Amanda Wing Yee Lee: I’d have to say that Khalil was one of my favorite characters to design for. A Maronite with Lebanese and Armenian heritage who has been through much civil unrest and familial separation throughout his life, it was no easy feat to come and settle in the U.S. When we first meet Khalil in the film, he has already assembled a team under his wing, and it’s very important to him to keep business within his family and his community. Even though Khalil appears to be the villain from the outset, I wanted to convey – through his style – this old-world mentality of protecting and preserving your culture. From my research, there is a kind of common style among the middle-aged men of the demographic Khalil shares: bold colored or printed dress shirts, loose fitting slacks, soft leather loafers, gold chain bracelet, necklace and watch. Not only does this collective attire give power to the community, It also shows status. Khalil actively rejects American culture and contemporary fashion because he believes it is his duty to uphold his community in a foreign country. He is the opposite of Youcef who believes in individualism that puts his personal freedom and goals before the collective.
Thomas Manning: There was one quote from Emily in the film that really stuck with me: “I mean, I don’t know…I just wanna be free. I just wanna be able to experience things. I wanna travel. I wanna live in another country for a while. Like I got a long list. Like I really wanna go to South America.” I think that’s a mindset that a lot of us identify with, the idea of having these grand ideas for our life that seem just out of reach – and the constant journey to attain those dreams. I’d love to have you share what that line from Emily means to you, and if that’s something you can identify with in your own life.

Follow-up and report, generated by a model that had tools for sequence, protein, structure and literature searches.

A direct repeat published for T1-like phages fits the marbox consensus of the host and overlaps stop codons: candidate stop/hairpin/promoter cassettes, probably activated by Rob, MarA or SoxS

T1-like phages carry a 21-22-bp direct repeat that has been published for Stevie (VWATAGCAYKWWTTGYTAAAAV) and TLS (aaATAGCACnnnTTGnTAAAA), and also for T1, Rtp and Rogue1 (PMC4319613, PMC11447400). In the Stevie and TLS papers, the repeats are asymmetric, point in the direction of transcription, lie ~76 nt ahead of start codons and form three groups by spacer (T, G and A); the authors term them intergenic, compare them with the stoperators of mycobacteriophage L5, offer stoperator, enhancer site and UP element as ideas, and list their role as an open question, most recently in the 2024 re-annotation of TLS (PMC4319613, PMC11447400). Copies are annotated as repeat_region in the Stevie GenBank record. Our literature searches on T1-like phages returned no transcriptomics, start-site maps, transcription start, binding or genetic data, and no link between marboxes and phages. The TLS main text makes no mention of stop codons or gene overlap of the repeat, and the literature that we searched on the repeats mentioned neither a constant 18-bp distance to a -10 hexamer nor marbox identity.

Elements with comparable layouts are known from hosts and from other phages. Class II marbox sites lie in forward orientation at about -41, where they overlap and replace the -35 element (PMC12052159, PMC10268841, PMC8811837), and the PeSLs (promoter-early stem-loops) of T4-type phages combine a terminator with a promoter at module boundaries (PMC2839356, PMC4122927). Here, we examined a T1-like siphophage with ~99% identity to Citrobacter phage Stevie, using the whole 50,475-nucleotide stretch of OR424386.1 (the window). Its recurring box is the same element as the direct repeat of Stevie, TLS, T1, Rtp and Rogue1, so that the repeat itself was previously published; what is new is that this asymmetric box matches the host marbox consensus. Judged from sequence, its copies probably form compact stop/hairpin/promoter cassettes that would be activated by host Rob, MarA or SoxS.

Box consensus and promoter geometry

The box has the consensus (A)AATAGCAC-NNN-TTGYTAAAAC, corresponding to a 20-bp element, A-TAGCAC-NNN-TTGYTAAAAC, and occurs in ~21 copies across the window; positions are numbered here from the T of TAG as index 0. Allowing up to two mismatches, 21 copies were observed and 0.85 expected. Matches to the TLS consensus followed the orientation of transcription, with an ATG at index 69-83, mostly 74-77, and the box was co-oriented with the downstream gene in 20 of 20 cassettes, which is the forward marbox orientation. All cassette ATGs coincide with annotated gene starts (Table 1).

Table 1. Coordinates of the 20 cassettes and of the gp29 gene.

Amanda Wing Yee Lee: Absolutely, I may not have had the same experience as Emily but I completely identify with this feeling of being held back by a system that fails the majority. I am from Hong Kong. I came here for college 18 years ago and stayed because of my love for film. Until about 2 years ago, I lived the freelance life, often unsure when the next paycheck would come. As a foreigner, I have to apply for a work visa every three years. The process is never easy. But I stuck with it and it’s amazing now to see the fruits of my labor. This is exactly what makes this film so powerful. It zooms in on a global problem that much of my generation faces and it shows you what grit and perseverance can give you – freedom to choose your own path.
Emily (Aubrey Plaza) is saddled with student debt and locked out of the job market due to a minor criminal record. Desperate for income, she takes a shady gig as a “dummy shopper,” buying goods with stolen credit cards supplied by a handsome and charismatic middleman named Youcef (Theo Rossi). Faced with a series of dead-end job interviews, Emily soon finds herself seduced by the quick cash and illicit thrills of black-market capitalism, and increasingly interested in her mentor Youcef. Together, they hatch a plan to bring their business to the next level in Los Angeles.
In theaters August 12th, 2022.
For more information, head to the official Roadside Attractions Emily the Criminal website.
Thomas Manning is a member of the NCFCA and SEFCA, and also the co-host of the television show and radio program “Meet Me at the Movies.” He has served as a production assistant and voting member on the Film Selection Committee for the Real to Reel Film Festival. He is an alumni of Gardner-Webb University, with a double-major in Communications and English.
Categories: Filmmaker Interviews